FAIR Analysis Shows DHS Secretary Jeh Johnson Fudged Facts at Rice University
Claims Border Apprehensions and Illegal Immigration Are Down When They’re Not
(Washington, D.C. — June 15, 2015) — Speaking to an audience at Rice University last week, Homeland Security Secretary Jeh Johnson delivered a flagrantly misleading speech on the current state of illegal immigration in the U.S. (Johnson transcript, June 8, 2015).
Ironically, Secretary Johnson’s speech was entitled “Immigration: Perception Versus Reality”. However, far from separating fact from fiction, Johnson laced his speech with claims designed to convince his audience that illegal immigration is dropping dramatically and that Americans should support granting amnesty to the millions of illegal aliens currently in the U.S.
Of all the claims Secretary Johnson made, perhaps the most egregious was that apprehensions reflect the level of illegal immigration. Johnson said, “Apprehensions on the southern border – which are a direct reflection of total attempts to cross the border illegally – have declined significantly over the last 15 years, and are a fraction of what they used to be.”
This is false. Apprehensions measure only the number of aliens the Border Patrol physically catches, not those who have successfully crossed past the Border Patrol. Indeed, the Government Accountability Office (GAO) has criticized the administration’s sole use of apprehensions as a measure of border security, stating it only represents Border Patrol “activity” not “results.” It noted that even studies commissioned by Customs and Border Protection (CBP) document “that the number of apprehensions bears little relationship to effectiveness because agency officials do not compare these numbers with the amount of cross-border illegal activity.”
Even Johnson’s predecessor, Janet Napolitano, acknowledged that the number of apprehensions does not measure the number of people who illegally enter the U.S. During an exchange with Senator John Cornyn (R-Texas) while testifying before the Senate Judiciary Committee in April of 2013, Napolitano acknowledged that apprehensions do not measure the number of people who evade the Border Patrol and are able to move into the U.S.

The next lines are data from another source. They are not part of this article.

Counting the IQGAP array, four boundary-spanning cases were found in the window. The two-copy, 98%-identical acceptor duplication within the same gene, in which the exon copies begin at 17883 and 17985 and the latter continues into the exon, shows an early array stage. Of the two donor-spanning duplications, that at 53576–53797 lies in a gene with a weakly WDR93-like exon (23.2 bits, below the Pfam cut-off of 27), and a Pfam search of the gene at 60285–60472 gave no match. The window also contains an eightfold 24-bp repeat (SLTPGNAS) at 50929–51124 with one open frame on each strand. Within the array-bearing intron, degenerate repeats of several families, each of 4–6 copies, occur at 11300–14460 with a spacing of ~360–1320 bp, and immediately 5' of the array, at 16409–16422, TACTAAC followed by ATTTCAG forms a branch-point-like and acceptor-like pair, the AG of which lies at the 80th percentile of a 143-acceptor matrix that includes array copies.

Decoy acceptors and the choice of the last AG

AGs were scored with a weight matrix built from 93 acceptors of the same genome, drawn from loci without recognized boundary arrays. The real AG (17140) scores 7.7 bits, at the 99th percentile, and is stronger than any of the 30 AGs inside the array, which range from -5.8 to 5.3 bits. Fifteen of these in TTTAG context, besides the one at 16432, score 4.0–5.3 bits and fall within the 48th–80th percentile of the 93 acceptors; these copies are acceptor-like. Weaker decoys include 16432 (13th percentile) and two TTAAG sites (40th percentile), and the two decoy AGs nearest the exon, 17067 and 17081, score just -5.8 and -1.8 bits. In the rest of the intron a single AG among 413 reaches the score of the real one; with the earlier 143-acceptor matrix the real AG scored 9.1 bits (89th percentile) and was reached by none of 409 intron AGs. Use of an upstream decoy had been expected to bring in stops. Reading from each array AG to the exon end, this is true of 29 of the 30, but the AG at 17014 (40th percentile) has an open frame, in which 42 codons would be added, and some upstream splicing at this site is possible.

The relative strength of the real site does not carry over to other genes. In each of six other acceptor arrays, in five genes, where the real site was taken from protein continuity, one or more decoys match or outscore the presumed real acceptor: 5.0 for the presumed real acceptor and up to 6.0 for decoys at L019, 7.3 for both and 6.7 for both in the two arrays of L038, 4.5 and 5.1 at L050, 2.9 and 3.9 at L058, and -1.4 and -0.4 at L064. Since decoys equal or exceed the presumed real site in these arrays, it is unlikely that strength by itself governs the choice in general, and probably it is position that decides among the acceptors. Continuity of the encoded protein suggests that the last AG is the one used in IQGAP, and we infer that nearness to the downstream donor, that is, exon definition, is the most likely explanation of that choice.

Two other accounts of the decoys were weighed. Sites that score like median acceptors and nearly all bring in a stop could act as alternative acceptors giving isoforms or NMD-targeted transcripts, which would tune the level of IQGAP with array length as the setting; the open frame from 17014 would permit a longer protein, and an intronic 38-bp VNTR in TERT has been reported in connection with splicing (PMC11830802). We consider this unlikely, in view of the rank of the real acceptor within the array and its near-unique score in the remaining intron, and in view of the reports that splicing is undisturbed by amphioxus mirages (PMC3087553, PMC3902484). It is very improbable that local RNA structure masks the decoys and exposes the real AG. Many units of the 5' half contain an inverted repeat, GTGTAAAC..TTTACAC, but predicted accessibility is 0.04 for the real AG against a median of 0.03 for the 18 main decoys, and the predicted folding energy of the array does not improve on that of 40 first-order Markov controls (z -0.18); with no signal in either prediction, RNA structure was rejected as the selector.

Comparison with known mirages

It is also very easy to manipulate border apprehension statistics: Instruct Border Patrol agents to look the other way. That is precisely what Ronald Colburn, the former national deputy chief of the Border Patrol claims is occurring. Border Patrol agents are “sitting still at their desks, reading newspapers, playing video games on their government computers, because they’re not being tasked with work,” he said.
Nevertheless, during his speech, Secretary Johnson persisted in misleading the public. Johnson stated, “[I]llegal migration into this country peaked in the year 2000, reflected by over 1.6 million apprehensions that year.” Johnson continued: “In fact, illegal migration into this country has dropped considerably since then, reflected by the decline in total apprehensions from 1.6 million in 2000 to around 400,000 a year in recent years. Last fiscal year the number of apprehensions on the southwest border was 479,371.”
This statement is egregiously false and misleading. First– as described above – the secretary is equating the number of apprehensions with the number of people illegally in the U.S., which is incorrect. And even if there were a correlation, Johnson conveniently forgets to tell his audience that apprehensions have actually increased over the past four years. Border Patrol apprehensions totaled 487,000 in FY 2014; 421,000 in FY 2013; 365,000 in FY 2012; and 340,000 in FY 2011. If apprehensions were indeed a measure of illegal immigration, then Secretary Johnson failed to mention that illegal immigration has grown steadily over the past four years of the Obama administration.
Second, Johnson appallingly ignores data – data he actually presented in a different part of his speech that show the illegal alien population dramatically rising between 1990 and 2007. These data also show that the illegal alien population has remained virtually steady in the past five years (at about 11.5 million). Illegal immigration did not peak in 2000, as Secretary Johnson claims. In 2000, the estimated illegal alien population of the U.S. was 8.46 million, meaning that the number of people living here illegally has increased by 36 percent.
At the beginning of his speech at Rice University, Secretary Johnson promised transparency. He declared, “I am on a mission to separate fact from fiction about immigration in the public mind, and share more information.” Clearly, Secretary Johnson achieved none of these goals. To the contrary, his speech painted a misleading and incomplete picture of border security and the state of illegal immigration in the U.S.